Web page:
The late summer of 1906 was a busy time for President Theodore Roosevelt. The one-time North Dakotan faced pressing issues both at home and abroad. The Cuban President requested American troops to quell a rebellion after a disputed election. Plans were underway for Roosevelt's Panama trip to witness the progress of the canal; the first time a President would leave the US while in office. The administration was also preparing to sue Standard Oil under the Sherman Anti-Trust Act. At the same time, he faced ridicule for his endorsement of a new system to simplify English spelling.
So, when his son Kermit asked the President to take him camping in South Dakota, Theodore Roosevelt turned him down. Kermit had long been fascinated with his father's stories of the West and desperately desired a similar adventure. Instead, the President made arrangements for a long-time acquaintance to accompany his 16-year-old son. In mid-August, Kermit Roosevelt and a young friend arrived in South Dakota with plans to explore the state, then end their journey by traveling north on horseback to TR's former ranch in the North Dakota Badlands. After a seven-day overland ride from the Black Hills to Medora, they spent the afternoon at the ranch before boarding a train headed east on this date in 1906.
While traveling through North Dakota on the North Coast Limited, young Kermit was startled by a loud crash. Five coaches of the train had derailed at Berea, a small station west of Valley City. According to newspaper accounts, the accident was caused by a split switch. None of the passengers were seriously injured, although Kermit and his friend, who occupied a compartment in a sleeping car, were quite shaken up. Less than 24-hours later, the two boys had safely reached St. Paul and were busy touring the city by motorcar.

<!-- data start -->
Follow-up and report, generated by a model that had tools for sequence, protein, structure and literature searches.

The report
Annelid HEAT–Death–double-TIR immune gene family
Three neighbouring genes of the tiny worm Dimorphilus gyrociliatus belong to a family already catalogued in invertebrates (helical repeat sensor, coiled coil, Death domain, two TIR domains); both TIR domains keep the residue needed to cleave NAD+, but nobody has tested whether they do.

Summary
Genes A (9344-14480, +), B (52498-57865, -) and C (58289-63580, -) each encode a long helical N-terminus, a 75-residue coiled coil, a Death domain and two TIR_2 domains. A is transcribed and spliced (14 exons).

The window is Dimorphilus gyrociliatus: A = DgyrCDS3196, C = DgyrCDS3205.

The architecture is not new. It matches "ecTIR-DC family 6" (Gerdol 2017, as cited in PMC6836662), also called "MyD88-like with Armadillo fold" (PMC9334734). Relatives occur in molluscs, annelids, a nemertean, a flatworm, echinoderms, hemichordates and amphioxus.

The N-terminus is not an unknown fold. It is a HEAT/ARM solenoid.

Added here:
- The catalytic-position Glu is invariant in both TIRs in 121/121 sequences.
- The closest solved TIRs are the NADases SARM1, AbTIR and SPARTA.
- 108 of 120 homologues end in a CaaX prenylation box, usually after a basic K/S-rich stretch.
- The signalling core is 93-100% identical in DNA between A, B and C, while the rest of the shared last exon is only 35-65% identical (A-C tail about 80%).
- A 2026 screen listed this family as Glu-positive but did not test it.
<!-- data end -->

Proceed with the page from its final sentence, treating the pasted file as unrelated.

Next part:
Over the next several weeks, newspapers around the nation carried stories of Kermit's train wreck. Reading of the accident surely shook up the President and First Lady as well, but thanks to the courtesy of their son, who immediately sent a telegram, they knew Kermit was “all right.”
Dakota Datebook written by Christina Sunwall
“Kermit Roosevelt Finishes His Ride.” The New York Times August 27, 1906, 2
“Kermit Roosevelt in Wreck.” The Adair County News, Columbia, KY September, 12, 1906, 2
“Kermit Roosevelt Visits Father's Old Ranch.” The Fort Wayne Journal-Gazette August 17, 1906, 1
“Shaken in Train Wreck.” The New York Tribune August 27, 1906, 1